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Perhaps most informative of all was the presentation by Dr. M. Zuhdi Jasser, founder of the American Islamic Forum for Democracy.

Folks in Kansas almost had a regular “support Gaza” Hamas event in their midst a week ago. It took an alert American Congressman to wake them up and stop it from happening.

A moderate Muslim has now pulled the affair into the national spotlight to make sure such an event doesn’t stay in the shadows where it can happen again, and place it in the right perspective.


Dr. M. Zuhdi Jasser, head of the American Islamic Forum for Democracy (AIFD), told the National Review this week that protesting a pro-Hamas speaker is not “Islamophobic.”

Jasser gave both “thumbs up” to U.S. Representative Mike Pompeo for pressuring the Islamic Society of Wichita, Kansas last week to cancel their special guest, a speaker with Hamas credentials.

Self-declared Hamas supporter Sheikh Monzer Taleb was all set to be the scheduled keynote speaker for the Society’s fund raising event last Friday. (In 2008, Taleb was named an “unindicted co-conspirator” in the U.S. Holy Land Foundation terror financing case. The leaders of the Foundation were found guilty on all 108 counts.)

Jasser noted the Islamic Society only cancelled the event after Congressman Pompeo expressed “serious concern,” and in response to community pressure. An Islamic moderate who served in the U.S. Navy as a Lieutenant Commander, he has little patience for such antics. In its mission statement, AIFD advocates “for the preservation of the founding principles of the United States Constitution, liberty and freedom, through the separation of mosque and state.”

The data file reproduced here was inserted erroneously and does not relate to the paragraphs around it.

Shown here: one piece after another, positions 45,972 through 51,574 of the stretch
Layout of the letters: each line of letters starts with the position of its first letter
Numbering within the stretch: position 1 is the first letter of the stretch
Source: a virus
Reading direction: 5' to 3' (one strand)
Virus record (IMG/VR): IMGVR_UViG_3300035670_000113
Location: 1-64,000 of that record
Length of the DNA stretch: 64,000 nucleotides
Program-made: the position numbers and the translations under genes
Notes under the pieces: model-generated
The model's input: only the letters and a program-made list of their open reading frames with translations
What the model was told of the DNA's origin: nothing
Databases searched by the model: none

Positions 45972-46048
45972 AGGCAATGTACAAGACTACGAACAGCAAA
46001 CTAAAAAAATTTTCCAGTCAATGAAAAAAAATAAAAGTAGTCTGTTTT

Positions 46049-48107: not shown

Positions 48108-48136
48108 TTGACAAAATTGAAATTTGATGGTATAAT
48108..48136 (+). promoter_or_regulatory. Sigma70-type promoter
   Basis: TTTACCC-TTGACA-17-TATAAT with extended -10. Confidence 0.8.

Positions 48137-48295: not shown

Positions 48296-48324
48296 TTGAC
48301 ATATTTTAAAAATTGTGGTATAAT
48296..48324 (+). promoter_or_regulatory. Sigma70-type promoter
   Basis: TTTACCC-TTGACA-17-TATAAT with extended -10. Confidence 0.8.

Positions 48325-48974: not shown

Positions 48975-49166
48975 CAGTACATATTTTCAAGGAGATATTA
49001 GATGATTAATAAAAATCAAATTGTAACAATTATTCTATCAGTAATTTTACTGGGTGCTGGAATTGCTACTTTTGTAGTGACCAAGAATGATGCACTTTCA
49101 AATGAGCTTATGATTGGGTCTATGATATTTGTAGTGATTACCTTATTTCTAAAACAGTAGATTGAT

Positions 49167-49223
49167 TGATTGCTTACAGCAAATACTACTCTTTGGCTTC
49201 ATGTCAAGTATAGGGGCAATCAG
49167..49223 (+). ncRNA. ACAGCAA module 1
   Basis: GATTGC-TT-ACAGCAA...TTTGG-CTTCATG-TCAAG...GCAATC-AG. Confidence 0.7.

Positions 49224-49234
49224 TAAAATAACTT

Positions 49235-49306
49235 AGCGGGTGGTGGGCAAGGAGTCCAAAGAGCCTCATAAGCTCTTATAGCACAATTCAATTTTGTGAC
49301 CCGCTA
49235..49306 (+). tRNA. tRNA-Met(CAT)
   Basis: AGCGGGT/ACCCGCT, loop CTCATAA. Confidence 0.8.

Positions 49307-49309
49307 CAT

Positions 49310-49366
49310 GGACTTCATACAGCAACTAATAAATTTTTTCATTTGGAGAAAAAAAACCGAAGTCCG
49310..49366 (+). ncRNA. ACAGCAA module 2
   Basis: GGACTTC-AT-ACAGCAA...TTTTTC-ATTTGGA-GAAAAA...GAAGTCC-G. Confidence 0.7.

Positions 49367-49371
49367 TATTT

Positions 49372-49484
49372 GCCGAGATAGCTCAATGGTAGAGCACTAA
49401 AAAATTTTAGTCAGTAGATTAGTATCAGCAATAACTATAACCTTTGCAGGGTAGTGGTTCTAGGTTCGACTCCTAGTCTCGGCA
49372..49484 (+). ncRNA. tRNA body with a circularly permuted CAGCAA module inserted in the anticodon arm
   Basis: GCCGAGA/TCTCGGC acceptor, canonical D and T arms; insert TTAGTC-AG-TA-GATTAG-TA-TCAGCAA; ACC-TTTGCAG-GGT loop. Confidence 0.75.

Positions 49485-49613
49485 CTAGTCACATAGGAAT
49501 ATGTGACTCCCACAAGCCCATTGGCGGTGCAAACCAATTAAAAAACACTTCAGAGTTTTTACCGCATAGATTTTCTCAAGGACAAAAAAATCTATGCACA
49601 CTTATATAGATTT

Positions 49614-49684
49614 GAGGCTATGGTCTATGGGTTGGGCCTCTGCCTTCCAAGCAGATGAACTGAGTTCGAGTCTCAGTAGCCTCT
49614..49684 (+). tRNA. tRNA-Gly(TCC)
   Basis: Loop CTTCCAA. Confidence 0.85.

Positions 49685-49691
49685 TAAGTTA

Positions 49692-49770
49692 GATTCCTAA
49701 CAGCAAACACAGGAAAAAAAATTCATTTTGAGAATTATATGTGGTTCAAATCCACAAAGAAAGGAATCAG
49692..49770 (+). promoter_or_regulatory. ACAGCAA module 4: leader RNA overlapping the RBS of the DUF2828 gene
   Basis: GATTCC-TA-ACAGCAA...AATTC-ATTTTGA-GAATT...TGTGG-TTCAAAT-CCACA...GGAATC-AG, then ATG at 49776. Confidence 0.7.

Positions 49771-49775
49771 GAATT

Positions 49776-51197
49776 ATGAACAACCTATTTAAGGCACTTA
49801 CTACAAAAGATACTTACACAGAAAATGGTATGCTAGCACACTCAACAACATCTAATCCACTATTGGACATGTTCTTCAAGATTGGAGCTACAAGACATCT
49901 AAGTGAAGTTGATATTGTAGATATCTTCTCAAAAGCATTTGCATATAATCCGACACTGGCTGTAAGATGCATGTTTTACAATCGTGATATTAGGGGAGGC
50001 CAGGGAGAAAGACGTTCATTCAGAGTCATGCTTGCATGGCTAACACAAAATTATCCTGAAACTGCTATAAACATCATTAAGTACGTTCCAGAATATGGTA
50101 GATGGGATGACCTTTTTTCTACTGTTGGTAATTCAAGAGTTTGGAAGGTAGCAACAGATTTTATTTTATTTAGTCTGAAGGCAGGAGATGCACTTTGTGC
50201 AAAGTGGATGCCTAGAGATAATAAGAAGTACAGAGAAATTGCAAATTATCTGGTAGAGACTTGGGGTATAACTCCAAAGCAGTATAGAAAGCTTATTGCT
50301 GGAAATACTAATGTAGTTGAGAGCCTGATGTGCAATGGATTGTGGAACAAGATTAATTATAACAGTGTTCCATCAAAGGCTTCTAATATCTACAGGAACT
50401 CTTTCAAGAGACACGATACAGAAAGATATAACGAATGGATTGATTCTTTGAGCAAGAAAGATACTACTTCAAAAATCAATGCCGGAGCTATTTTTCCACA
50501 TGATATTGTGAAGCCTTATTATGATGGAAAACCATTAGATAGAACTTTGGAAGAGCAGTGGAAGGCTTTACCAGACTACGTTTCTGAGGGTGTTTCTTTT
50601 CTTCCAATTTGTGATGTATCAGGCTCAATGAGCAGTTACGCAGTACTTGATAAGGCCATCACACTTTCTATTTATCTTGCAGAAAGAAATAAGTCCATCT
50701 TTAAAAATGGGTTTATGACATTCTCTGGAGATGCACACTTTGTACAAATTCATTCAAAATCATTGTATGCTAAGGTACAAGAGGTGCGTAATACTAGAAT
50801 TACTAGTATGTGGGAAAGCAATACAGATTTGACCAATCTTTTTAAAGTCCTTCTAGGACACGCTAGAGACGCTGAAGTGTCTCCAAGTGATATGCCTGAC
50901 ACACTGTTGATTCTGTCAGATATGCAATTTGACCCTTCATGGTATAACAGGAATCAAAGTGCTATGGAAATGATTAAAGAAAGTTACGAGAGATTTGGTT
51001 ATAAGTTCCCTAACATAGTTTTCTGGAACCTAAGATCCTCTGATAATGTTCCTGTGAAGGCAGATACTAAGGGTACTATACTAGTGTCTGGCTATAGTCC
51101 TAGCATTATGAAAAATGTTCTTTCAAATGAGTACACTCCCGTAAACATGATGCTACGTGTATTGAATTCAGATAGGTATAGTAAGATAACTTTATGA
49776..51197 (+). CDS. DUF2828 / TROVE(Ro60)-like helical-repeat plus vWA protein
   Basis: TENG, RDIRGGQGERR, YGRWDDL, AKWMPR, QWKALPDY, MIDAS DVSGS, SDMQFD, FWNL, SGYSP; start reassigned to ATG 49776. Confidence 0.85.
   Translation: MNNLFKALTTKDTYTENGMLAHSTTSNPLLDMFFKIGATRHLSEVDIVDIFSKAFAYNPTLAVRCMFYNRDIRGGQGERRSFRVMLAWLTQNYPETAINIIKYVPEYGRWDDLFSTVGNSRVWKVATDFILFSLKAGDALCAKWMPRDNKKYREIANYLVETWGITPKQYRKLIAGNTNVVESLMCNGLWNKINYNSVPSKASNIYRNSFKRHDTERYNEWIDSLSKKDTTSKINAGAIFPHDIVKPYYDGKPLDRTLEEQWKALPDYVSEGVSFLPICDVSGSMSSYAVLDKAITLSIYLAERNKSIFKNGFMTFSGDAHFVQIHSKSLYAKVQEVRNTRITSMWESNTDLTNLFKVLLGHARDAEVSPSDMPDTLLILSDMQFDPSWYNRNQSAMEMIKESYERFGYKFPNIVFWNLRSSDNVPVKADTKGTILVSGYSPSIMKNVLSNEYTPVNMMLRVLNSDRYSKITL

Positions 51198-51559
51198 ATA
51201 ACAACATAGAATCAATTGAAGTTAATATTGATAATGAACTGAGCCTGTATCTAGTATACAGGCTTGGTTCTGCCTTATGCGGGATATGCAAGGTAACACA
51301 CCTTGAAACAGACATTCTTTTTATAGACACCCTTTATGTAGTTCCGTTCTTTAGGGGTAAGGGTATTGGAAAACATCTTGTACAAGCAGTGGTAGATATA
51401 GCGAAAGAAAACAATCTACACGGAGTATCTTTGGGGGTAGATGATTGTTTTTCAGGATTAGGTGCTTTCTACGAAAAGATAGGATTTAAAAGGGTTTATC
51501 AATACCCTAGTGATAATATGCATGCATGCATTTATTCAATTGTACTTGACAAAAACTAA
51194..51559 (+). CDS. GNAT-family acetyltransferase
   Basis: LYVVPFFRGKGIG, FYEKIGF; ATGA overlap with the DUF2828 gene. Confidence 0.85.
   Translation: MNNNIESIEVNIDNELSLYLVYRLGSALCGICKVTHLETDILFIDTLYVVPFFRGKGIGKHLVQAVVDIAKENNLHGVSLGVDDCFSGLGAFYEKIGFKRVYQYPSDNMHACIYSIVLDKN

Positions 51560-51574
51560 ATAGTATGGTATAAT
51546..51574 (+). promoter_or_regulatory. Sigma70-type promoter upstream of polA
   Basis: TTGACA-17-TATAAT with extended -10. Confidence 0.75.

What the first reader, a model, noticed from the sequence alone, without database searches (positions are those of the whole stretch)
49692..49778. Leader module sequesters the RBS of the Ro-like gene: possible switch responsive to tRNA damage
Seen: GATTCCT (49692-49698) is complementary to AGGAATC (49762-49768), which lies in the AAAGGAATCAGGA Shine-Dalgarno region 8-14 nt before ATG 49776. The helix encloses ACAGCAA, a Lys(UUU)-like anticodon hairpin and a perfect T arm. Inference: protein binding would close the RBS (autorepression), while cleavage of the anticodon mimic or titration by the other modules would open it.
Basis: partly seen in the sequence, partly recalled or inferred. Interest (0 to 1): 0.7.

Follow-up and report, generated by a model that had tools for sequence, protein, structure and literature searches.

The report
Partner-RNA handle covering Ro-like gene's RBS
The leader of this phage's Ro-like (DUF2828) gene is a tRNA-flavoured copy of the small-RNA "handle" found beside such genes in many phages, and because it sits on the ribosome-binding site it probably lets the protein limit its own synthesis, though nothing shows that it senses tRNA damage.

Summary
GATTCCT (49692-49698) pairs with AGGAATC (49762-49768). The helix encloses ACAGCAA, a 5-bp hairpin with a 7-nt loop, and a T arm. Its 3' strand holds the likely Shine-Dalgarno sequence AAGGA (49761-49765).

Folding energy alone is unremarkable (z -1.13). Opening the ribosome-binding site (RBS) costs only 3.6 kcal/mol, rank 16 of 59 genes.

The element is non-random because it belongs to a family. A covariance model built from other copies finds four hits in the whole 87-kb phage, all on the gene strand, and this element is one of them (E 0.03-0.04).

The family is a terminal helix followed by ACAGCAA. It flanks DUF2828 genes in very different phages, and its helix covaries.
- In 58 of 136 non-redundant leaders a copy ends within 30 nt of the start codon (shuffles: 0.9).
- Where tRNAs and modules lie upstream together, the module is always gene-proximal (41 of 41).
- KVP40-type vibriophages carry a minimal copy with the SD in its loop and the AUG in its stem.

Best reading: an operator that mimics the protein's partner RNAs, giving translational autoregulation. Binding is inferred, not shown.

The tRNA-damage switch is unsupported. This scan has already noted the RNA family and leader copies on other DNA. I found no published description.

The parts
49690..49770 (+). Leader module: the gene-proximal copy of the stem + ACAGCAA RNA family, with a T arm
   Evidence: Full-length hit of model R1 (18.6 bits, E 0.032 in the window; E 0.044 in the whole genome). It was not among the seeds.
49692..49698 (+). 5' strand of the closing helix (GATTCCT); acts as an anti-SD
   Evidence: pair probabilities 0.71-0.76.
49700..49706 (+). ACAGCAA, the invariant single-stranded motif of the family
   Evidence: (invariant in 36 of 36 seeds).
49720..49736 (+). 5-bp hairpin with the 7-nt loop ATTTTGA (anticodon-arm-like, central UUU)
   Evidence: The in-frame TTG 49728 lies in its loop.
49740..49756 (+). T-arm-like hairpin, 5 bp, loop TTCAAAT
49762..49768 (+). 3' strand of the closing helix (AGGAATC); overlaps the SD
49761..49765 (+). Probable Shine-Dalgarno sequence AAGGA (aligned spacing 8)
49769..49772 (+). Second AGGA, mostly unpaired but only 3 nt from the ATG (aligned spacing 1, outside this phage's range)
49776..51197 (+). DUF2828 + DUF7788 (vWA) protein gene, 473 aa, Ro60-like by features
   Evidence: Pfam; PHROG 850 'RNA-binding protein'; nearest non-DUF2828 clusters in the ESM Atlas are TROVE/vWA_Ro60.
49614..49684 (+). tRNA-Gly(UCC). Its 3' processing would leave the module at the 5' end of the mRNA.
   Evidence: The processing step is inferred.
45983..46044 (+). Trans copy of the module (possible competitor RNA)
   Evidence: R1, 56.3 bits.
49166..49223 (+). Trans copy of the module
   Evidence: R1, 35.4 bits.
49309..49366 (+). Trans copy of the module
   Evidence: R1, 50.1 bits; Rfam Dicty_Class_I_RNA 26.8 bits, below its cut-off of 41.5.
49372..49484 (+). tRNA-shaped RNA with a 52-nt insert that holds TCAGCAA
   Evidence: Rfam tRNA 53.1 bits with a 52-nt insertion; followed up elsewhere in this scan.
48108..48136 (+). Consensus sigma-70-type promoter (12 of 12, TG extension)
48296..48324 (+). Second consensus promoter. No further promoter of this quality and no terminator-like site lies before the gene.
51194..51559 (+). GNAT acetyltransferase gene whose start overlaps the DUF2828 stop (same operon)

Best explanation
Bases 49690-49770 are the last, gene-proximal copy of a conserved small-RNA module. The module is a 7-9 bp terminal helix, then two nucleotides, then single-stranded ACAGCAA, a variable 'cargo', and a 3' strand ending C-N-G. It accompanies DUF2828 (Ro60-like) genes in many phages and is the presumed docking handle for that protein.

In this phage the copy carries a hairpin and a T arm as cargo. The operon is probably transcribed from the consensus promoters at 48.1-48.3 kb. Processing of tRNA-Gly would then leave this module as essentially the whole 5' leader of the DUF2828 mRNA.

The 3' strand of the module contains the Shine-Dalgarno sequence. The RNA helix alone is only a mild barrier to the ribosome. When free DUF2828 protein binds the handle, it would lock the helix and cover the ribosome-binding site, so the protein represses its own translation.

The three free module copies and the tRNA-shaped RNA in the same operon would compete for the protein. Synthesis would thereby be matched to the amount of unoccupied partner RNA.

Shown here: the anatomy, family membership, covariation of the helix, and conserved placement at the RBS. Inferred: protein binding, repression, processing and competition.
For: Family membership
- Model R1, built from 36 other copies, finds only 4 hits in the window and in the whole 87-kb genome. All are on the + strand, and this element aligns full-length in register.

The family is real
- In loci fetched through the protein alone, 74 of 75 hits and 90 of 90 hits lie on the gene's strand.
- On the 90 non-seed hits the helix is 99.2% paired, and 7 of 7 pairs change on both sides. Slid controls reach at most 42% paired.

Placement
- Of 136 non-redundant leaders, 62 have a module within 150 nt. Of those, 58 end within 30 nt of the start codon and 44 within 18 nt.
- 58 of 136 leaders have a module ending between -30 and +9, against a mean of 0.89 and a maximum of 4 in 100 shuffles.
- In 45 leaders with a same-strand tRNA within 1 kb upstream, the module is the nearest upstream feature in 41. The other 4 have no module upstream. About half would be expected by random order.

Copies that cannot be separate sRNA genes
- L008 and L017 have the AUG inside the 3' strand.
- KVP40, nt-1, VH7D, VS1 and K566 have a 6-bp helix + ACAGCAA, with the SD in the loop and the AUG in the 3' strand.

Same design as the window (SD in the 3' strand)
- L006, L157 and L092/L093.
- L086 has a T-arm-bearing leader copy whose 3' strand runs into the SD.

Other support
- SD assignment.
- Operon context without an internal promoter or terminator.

Meanwhile, the Islamic Society of Wichita is whining that the citizens of Kansas are “Islamophobic,” rather than taking responsibility for helping a Hamas fund-raiser support a terrorist organization.

As a Muslim, Jasser pointed out “There is nothing more American, more pro-Islam, and more pro-Muslim than taking a stand against the extremist and anti-Semitic hate spewed by Islamist individuals like Sheikh Taleb.

“In fact, this tough love is what every Muslim community needs to pursue on its own, long before their elected representative have to intervene.”

Jasser is also the co-founder of the Muslim Reform Movement and author of A Battle for the Soul of Islam. A few more like him and the U.S. might not have to worry nearly as much about the sleeper cells in its midst.


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Hana Levi Julian is a Middle East news analyst with a degree in Mass Communication and Journalism from Southern Connecticut State University. A past columnist with The Jewish Press and senior editor at Arutz 7, Ms. Julian has written for, and other media outlets, in addition to her years working in broadcast journalism.